“A weak local and ethnic media ecosystem impacts our democracy and harms communities, leading to more corruption, less citizen participation, more misinformation, and even more alienation,” said Maya Chupkov, Media & Democracy Program Manager at California Common Cause. “I am happy to see San Francisco recognize the importance of strengthening its local news ecosystem. In many cases, community-specific media have built up the trust of their communities by covering issues often missed by larger media. Having government departments in San Francisco seriously consider a broad range of local and hyperlocal news publications for their advertising could strengthen such outlets—and, by sustaining local news, also support democracy.”

New York City has already implemented this policy and it’s had profound benefits. In its first fiscal year, city agencies funded over 220 community media outlets on less than $10 million, totaling nearly 84% of city agencies’ total print and digital ad buys. Seattle has a full-time staff person who works with ethnic media and city departments on advertising campaigns, and Chicago has also passed a similar program to New York. San Francisco’s plan includes applying what has already worked elsewhere and how the city can do it better.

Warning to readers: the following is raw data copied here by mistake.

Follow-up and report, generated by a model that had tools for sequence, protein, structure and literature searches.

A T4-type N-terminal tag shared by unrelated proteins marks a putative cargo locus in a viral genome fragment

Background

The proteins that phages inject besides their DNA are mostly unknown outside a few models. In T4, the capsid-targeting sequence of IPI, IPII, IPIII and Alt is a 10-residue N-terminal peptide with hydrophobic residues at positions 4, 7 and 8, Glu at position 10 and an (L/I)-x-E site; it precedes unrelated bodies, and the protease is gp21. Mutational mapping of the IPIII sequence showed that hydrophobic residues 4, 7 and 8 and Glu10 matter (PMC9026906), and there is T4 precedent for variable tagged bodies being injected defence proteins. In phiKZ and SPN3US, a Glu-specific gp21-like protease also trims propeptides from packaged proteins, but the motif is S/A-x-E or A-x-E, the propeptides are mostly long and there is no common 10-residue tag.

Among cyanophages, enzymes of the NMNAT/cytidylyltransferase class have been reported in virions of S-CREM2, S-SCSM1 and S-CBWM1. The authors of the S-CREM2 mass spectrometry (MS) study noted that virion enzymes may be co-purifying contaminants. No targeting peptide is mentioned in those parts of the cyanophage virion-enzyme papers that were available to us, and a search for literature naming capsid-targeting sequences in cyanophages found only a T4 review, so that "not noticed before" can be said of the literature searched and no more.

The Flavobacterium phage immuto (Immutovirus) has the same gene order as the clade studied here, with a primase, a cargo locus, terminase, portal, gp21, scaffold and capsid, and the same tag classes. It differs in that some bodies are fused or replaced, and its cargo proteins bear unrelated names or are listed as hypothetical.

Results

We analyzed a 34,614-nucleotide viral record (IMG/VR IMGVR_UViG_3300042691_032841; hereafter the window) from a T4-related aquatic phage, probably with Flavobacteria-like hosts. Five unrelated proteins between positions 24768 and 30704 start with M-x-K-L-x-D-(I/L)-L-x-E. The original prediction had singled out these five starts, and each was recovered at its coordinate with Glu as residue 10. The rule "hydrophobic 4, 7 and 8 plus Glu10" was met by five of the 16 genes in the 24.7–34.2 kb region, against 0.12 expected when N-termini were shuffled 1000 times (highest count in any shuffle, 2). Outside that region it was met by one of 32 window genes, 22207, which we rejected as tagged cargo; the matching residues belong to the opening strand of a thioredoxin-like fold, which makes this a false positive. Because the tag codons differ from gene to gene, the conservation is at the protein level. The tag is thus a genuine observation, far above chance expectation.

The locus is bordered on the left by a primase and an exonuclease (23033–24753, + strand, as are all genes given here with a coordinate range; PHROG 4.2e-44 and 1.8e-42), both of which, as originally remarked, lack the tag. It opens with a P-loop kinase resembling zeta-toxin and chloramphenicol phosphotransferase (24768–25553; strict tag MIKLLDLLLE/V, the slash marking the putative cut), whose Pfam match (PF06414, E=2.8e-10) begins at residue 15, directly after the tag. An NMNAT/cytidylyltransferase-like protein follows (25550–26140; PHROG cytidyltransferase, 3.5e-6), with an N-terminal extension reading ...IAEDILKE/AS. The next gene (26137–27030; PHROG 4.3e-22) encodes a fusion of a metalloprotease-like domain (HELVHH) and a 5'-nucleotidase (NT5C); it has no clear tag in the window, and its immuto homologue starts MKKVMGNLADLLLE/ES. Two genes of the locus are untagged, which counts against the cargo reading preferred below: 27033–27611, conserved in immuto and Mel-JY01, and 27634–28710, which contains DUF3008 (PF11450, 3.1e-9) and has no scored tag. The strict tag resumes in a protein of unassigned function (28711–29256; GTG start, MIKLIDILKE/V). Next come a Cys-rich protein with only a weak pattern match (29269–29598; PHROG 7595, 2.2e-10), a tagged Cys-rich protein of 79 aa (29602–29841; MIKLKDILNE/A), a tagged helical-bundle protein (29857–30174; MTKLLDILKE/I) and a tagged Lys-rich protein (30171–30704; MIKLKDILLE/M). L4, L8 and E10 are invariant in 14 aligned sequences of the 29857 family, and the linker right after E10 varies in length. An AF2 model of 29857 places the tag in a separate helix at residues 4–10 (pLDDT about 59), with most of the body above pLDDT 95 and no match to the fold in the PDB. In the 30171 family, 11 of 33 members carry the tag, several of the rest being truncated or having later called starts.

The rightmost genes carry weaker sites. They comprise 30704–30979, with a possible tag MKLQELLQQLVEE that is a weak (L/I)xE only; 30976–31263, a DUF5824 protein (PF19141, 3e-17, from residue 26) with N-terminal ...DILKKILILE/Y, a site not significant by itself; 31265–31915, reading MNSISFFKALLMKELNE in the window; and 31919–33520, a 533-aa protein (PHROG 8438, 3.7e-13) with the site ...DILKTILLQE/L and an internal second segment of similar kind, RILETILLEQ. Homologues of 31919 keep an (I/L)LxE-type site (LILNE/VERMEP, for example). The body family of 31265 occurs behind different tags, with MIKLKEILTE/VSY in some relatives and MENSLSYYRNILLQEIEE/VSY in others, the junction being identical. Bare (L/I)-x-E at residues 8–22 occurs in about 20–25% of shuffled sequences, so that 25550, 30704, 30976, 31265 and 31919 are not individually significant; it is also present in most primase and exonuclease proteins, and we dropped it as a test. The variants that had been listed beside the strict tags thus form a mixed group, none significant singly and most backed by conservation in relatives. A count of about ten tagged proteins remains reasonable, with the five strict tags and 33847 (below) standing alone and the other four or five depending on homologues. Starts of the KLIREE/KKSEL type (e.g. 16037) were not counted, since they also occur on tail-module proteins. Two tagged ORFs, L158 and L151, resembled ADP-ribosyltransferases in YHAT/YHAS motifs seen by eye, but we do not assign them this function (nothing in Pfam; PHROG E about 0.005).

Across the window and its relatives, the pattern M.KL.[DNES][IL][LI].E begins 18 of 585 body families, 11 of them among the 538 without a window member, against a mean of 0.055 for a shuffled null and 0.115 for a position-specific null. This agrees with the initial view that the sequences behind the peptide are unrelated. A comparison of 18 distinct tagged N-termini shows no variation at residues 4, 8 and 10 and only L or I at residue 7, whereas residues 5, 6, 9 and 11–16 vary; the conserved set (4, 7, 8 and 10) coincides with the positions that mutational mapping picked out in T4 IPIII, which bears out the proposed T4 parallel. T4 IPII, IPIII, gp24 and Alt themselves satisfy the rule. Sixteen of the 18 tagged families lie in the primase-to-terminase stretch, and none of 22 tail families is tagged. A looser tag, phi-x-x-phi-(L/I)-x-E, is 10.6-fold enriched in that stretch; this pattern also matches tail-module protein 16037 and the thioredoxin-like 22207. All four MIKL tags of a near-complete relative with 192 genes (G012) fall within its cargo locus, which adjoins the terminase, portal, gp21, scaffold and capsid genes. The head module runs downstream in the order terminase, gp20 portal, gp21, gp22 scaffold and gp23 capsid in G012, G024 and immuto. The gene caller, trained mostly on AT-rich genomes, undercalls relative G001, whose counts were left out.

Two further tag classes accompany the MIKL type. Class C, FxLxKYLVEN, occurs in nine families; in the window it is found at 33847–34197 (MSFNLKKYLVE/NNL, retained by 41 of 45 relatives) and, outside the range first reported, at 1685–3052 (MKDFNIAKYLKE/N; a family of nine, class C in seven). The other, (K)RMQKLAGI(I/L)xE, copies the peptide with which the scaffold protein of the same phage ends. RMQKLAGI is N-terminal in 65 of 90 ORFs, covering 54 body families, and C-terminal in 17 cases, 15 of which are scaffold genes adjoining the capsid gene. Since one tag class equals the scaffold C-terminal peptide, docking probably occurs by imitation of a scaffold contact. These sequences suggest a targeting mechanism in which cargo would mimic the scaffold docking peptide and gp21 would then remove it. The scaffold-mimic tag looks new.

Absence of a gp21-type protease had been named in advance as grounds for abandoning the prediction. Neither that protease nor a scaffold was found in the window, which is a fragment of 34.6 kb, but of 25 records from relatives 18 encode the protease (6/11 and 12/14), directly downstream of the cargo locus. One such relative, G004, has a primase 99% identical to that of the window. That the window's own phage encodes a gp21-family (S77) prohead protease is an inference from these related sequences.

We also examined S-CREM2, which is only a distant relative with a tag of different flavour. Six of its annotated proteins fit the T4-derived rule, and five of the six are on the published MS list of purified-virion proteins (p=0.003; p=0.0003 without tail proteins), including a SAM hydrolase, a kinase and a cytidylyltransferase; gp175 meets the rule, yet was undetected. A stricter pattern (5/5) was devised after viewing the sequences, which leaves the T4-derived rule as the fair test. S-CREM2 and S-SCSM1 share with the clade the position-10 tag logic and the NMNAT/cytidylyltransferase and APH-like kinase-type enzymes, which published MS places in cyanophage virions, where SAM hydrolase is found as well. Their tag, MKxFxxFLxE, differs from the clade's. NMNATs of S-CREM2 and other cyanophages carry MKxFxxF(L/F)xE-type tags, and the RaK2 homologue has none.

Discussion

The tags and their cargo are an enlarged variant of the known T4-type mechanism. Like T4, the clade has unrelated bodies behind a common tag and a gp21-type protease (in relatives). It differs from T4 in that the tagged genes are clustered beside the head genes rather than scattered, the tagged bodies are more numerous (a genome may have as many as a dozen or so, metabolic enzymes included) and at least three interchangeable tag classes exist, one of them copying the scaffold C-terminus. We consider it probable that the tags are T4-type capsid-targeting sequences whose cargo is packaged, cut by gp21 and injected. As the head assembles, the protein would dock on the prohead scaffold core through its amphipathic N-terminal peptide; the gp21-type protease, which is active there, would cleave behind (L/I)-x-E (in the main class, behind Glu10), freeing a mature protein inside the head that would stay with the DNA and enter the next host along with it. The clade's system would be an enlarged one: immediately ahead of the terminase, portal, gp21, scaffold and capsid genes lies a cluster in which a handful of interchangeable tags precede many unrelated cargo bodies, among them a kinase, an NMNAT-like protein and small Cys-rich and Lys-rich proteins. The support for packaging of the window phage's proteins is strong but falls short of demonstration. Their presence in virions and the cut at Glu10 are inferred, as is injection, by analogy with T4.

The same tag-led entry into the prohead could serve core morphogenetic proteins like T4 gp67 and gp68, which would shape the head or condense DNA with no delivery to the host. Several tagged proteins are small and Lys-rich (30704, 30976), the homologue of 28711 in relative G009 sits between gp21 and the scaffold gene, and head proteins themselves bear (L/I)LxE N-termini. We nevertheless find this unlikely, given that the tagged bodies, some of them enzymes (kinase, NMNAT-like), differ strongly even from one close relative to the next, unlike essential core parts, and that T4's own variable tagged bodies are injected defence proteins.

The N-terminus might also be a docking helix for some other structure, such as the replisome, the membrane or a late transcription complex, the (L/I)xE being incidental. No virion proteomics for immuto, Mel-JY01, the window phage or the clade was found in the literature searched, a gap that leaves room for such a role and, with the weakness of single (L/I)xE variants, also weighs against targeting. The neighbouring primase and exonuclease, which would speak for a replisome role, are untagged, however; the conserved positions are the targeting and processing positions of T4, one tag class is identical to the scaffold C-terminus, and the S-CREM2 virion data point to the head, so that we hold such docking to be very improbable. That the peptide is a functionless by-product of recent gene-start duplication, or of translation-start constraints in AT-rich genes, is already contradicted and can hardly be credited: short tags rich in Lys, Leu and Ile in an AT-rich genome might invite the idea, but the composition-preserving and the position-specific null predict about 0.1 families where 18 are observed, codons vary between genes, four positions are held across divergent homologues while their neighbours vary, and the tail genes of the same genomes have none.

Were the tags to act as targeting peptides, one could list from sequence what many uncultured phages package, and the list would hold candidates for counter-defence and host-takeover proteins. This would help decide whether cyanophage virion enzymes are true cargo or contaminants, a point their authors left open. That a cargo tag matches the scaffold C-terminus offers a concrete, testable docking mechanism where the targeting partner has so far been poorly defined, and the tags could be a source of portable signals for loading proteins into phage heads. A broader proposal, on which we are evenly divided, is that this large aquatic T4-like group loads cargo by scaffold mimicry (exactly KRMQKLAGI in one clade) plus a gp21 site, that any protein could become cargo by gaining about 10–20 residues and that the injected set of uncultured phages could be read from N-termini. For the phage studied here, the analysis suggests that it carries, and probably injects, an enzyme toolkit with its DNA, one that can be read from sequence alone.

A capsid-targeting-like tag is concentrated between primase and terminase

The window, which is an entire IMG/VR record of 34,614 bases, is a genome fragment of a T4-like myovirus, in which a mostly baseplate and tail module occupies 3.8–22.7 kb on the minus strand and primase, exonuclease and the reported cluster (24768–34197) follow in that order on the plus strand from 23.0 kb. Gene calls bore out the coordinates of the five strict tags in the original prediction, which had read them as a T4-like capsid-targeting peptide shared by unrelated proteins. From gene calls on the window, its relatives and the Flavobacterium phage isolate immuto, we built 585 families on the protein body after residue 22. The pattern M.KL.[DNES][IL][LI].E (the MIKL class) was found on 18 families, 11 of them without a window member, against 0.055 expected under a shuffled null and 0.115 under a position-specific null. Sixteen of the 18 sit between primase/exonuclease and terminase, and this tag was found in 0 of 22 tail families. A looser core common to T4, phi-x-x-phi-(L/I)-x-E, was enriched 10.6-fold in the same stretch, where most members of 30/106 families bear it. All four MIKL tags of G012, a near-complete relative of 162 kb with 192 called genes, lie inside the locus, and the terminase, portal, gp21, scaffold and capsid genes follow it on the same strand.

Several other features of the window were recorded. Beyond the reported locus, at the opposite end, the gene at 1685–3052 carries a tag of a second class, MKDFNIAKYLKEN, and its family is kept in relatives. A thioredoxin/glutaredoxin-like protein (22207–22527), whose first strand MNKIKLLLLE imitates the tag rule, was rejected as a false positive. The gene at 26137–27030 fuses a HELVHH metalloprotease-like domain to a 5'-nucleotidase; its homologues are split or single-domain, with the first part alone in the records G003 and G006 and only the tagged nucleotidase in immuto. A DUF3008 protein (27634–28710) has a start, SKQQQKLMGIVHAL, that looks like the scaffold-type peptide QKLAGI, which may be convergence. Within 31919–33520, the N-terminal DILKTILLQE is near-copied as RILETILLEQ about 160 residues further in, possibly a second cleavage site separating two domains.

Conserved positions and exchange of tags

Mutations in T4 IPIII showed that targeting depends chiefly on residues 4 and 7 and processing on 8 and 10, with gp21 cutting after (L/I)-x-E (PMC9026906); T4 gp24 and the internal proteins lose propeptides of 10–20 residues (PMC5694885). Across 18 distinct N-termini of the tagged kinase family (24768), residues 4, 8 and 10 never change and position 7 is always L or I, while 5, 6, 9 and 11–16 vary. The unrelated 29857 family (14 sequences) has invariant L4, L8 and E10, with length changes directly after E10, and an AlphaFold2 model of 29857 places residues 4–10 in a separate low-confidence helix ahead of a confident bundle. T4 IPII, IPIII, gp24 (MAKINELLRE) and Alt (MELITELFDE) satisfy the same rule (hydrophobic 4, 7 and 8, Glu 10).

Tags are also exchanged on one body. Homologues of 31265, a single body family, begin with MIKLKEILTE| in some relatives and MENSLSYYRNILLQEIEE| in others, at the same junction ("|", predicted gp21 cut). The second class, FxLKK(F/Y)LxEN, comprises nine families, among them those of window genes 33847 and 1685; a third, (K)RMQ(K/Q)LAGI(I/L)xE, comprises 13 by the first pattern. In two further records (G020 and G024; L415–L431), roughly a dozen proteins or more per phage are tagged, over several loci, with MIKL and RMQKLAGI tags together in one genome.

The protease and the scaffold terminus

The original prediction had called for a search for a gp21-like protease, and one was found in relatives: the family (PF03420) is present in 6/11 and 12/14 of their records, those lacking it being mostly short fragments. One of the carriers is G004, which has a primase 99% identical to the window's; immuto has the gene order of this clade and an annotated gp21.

The advertising plan includes backing from the San Francisco State University Journalism Department, which would serve as independent local monitor of the program. SF State Journalism will help connect city staff and marketing directors with ethnic and community media outlets, helping to maximize the impact of city spending while making the overall program more effective and efficient. The program is modeled off the Advertising Boost Initiative in New York City, where the Craig Newmark Graduate School of Journalism at the City University of New York serves as monitor and intermediary. 

“Ethnic and community media are essential voices for their readers and communities,” said Jesse Garnier, Chair of the San Francisco State University Journalism Department. “Connecting local publishers with fresh revenue streams strengthens our media ecosystem while helping overcome vast disparities in funding and resources that have existed for decades. We are energized to work with the city, ethnic and multilingual media outlets, and local community publishers to carry out recommendations from the report. This should help ensure city messaging on programs reach all residents, in all communities, through known and trusted outlets.”

Read the full report here.